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    Wisconsin Lawyer
    November 01, 2016


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    Ness Flores Receives Distinguished Service Award

    Ness Flores

    In “From Migrant Farmworker to Judge: Ness Flores Is Pathbreaker for Latino Lawyers” (InsideTrack, Oct. 5, 2016), State Bar communications writer Shannon Green wrote about Flores’ upbringing in Texas in a family of immigrant farmworkers, and how he overcame obstacles to become a legal services lawyer, circuit court judge, state government lawyer, and litigator.

    Green wrote that Flores, a pioneer Latino lawyer in Wisconsin who has spent many years of his career ensuring access by Spanish-speaking individuals to the legal system and who crafted Wisconsin’s migrant farmworker laws, is a co-recipient of the Wisconsin Law Foundation’s Charles L. Goldberg Distinguished Service Award. Readers reacted to Flores’ inspirational story.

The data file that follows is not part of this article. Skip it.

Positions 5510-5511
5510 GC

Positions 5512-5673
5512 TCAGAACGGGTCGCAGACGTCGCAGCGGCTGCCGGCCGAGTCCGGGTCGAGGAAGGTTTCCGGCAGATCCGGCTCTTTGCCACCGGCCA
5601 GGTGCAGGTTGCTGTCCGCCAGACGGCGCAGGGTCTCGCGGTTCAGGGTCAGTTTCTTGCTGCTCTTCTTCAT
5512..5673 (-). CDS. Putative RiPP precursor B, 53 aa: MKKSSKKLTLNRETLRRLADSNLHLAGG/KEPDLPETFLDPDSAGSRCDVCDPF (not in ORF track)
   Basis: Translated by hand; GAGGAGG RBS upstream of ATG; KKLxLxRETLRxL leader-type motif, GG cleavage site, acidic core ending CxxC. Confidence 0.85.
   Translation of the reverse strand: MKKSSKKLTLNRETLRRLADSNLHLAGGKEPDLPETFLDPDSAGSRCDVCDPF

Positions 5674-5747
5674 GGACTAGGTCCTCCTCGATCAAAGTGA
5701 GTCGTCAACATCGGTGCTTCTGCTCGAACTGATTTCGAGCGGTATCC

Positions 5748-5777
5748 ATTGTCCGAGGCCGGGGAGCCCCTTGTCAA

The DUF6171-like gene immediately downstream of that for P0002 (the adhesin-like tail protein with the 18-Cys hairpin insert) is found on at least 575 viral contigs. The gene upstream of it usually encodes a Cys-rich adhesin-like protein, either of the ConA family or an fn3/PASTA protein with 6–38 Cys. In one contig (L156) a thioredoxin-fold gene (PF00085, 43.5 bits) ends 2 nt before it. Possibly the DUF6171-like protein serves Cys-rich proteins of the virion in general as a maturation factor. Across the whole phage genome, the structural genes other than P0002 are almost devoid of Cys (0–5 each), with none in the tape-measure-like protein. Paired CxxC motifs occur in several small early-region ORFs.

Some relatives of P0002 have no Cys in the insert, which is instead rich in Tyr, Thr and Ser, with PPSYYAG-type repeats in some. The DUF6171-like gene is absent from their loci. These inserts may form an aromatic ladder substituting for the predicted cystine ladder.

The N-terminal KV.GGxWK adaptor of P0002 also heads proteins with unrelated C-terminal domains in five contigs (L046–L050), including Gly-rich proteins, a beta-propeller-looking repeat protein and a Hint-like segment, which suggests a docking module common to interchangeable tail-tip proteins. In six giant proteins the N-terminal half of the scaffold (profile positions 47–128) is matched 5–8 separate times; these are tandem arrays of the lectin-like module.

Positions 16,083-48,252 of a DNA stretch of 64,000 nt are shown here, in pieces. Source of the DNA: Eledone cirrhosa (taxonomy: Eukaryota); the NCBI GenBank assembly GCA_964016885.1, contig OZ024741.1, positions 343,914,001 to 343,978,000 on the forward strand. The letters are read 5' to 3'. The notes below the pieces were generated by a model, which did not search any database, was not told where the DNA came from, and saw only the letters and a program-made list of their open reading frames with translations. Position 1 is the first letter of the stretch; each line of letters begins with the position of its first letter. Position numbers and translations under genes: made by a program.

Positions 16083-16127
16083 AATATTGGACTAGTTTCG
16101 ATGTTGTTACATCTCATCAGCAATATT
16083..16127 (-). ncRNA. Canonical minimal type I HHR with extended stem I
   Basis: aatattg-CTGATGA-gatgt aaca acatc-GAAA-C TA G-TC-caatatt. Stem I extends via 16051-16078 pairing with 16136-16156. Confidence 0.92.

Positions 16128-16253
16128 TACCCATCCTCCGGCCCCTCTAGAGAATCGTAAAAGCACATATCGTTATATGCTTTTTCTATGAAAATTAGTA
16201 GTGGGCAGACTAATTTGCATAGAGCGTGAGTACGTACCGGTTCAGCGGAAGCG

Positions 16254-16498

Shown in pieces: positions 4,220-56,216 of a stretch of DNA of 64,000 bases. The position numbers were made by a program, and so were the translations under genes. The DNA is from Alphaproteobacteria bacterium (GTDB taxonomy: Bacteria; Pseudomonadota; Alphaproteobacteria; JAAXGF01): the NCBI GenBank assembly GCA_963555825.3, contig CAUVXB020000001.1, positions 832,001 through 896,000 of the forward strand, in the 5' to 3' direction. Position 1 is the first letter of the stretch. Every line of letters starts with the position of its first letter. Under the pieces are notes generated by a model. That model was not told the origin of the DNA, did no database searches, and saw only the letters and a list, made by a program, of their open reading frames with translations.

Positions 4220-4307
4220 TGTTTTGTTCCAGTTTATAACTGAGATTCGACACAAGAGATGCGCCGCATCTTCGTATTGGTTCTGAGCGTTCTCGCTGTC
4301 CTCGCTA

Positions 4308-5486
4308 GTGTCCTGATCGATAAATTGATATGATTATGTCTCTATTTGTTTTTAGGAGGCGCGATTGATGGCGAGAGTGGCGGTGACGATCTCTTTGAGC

Reader: As a former assistant state public defender, and current adult English as a Second Language (ESL) instructor, I was instantly intrigued by the article’s headline. As I delved into the contents of Shannon Green’s article, I realized that even though the intended reader was likely Wisconsin lawyers, my ESL students would greatly benefit from learning about the Hon. Ness Flores, a pathbreaker for Latino lawyers.

    Our ESL class is currently learning about goals and obstacles, and I have incorporated the inspirational article into our curriculum. The ESL classroom, comprised of ambitious future doctors, computer engineers, business owners, and more, is engrossed in the article detailing the path that Judge Flores took from the Texas/Mexico border to the judicial bench in Wisconsin, and beyond. Lightbulbs have truly been turning on, while learning that Judge Flores spoke only Spanish until age 7, and that he fought for legislation on behalf of migrant workers. I literally can see my students relating to the article: “I am doing the right thing balancing work and ESL two nights per week…” ; “I am learning English and dedicating my life to the American dream…”; “My child is 7 and already knows both Spanish and English … their future is so bright…”.